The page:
Lecture examines link between biology and sexuality

Aston Tan

Human sexuality and orientation were discussed Friday at the Whitsett Room in the fifth installment of the Richard W. Smith lecture series, which featured Dr. Milton Diamond of the University of Hawaii’s John H. Burns School of Medicine.

During the event, officially dubbed ‘Gender ‘amp; Sexual Orientation: Biology? Social Influence? Free Choice? What the Latest Research Has Found,’ Diamond denounced several myths from a range of topics, such as homosexuality, transgender issues and lesbian and gay parenting.

‘Most gay people want their kid to turn out straight,’ said Diamond. He said that kids who were raised by gay parents have usually turned out more ‘tolerant’ and ‘sophisticated’ than their peers, and are for the most part straight.

Diamond, whose presentation consisted of several examples of people he said he knew personally, also sought to illustrate the link between biological conditions and sexuality.

‘The sheep is the best example of a species displaying homosexual behavior,’ said Diamond as he described a previous trip to New Zealand.

For a time, New Zealanders held mass protests because sheep were displaying homosexual tendencies he said, provoking laughter and chuckles from the audience.

Diamond also touched on transgender and intersexual issues. He said previously, intersexuals were called hermaphrodites ‘- a term the Merriam-Webster dictionary describes as an organism having both male and female sex organs.

He goes on to say how in the recent past, doctors would be given consent by parents to ‘normalize’ an intersexual newborn’s genitalia.

Doctors would be allowed to snip away if the genitals in question were considered ambiguous ‘- too large to be a girl and not quite large enough to be a boy ‘- in which case the child, regardless of other biological factors, would be raised as a girl.

‘To the doctors, it’s easier to dig a hole than to build a pole’ Diamond said, ‘I am representing reality.’

Another topic Diamond touched was the John/Joan case, or the true story of David Reimer, a non-intersexed twin who had his entire penis burnt off in a botched circumcision when he was eight-months-old. His parents, under the advice of a psychologist, agreed to have him sexually reassigned through hormone, surgical and psychological treatments. Eventually, David reassumed a social identity as a boy.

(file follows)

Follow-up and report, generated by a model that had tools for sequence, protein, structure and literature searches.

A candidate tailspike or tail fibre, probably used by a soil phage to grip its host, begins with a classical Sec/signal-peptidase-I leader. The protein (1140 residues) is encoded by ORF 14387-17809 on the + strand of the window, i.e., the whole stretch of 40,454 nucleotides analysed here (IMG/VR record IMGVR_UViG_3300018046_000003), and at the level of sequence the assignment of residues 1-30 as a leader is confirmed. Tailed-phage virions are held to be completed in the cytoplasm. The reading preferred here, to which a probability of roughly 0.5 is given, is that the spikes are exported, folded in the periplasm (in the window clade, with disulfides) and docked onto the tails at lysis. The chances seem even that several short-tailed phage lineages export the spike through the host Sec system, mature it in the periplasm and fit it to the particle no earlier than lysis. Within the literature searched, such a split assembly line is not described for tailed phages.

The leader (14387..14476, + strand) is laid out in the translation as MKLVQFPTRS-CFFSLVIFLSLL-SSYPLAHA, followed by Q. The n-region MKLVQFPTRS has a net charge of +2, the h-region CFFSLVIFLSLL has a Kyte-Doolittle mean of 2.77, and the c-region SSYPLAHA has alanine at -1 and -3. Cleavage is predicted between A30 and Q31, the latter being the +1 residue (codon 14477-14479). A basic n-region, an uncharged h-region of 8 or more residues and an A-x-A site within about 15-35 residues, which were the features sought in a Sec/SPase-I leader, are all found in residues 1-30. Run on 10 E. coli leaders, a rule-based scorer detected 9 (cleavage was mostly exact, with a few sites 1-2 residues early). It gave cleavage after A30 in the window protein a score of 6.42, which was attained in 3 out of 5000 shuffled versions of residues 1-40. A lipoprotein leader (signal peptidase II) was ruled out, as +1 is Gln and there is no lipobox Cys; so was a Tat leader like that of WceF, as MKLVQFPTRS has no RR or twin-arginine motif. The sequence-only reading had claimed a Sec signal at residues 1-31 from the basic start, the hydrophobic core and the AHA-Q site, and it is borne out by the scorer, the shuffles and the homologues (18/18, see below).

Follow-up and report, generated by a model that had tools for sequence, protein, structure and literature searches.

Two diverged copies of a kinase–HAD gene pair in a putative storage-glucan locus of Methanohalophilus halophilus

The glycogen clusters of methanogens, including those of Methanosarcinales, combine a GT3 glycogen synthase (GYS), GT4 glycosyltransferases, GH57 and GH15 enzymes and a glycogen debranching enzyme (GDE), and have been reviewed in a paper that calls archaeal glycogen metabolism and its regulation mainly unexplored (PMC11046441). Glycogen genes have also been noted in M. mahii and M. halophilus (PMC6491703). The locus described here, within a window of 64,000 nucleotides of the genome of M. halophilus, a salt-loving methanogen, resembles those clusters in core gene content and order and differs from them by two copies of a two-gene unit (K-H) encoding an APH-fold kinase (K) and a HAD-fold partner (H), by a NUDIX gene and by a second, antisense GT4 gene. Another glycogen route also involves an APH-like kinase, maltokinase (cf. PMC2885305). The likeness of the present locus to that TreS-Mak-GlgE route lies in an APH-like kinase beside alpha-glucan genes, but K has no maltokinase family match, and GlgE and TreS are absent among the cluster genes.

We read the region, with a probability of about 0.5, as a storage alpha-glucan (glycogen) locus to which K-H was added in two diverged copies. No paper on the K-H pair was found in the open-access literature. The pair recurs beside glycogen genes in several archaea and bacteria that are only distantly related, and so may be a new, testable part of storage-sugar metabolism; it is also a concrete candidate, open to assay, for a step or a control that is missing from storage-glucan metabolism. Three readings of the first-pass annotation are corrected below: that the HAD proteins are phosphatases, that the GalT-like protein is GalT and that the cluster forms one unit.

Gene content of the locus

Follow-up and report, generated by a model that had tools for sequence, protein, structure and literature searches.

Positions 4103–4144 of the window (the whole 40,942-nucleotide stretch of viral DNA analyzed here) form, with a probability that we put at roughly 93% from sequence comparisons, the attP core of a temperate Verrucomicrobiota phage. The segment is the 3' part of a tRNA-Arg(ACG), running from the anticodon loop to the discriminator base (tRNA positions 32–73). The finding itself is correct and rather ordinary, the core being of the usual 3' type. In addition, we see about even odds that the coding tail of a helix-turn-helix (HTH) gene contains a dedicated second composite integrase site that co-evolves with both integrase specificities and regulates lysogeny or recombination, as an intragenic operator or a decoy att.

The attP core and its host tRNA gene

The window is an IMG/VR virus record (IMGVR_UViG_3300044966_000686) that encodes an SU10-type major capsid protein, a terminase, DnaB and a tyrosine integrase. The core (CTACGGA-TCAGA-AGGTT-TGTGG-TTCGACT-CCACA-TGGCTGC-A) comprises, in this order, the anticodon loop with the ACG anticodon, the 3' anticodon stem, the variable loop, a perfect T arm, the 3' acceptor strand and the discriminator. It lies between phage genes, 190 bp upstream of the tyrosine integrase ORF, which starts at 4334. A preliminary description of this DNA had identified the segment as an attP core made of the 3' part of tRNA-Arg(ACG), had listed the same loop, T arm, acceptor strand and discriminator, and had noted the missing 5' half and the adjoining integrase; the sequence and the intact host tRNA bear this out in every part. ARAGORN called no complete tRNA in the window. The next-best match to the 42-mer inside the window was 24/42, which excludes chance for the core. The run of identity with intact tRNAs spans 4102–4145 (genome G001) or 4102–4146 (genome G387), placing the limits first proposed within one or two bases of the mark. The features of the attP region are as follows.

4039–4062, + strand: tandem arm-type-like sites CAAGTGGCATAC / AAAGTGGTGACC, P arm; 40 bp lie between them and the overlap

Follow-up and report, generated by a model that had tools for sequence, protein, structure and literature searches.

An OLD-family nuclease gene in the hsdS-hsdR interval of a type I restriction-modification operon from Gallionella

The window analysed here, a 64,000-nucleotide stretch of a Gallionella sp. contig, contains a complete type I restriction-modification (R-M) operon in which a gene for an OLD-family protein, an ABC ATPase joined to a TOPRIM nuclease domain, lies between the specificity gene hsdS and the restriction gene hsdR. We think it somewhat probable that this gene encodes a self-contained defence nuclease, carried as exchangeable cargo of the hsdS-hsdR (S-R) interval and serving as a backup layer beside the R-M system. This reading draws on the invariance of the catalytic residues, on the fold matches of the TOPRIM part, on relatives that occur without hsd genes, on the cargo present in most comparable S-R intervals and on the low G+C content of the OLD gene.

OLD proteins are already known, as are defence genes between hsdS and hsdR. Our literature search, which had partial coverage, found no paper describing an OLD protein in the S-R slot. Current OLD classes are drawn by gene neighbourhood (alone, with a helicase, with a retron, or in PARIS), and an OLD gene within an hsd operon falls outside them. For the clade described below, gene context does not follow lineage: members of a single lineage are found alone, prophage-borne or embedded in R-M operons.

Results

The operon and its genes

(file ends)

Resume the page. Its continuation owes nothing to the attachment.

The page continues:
Renee Liu, a family studies and child development major, came to the lecture because she wanted to hear more about the case.

‘I thought it would actually be meaningful to hear (Diamond) talk about it,’ she said. Liu said she wished Diamond would have discussed the case more, having personally met David while in the course of his research.

Family studies and child development major, Lawanda Baker was impressed with the lecture.

‘It was very educational to learn that people can be born with two sexes,’ said Baker, it gave me a better idea of their sexual identity.’

Baker said she was most shocked to learn about the over-zealous parents of intersexual children, saying that the lecture shed some light on how people ultimately follow a certain sexual orientation.

In the end, it was evident the event spoke to different people in different ways.

‘Gender is designated by society and not by an individual,’ said CTVA major, Chloe Hoft-Truitt.

‘Our brain is our primary sex organ and we’re only taught gender by our culture,’ she added.

Diamond ended the occasion with a few words of wisdom.

‘Nature loves variety, but society hates it,’ he concluded. ‘Let’s see if we can change society rather than nature.’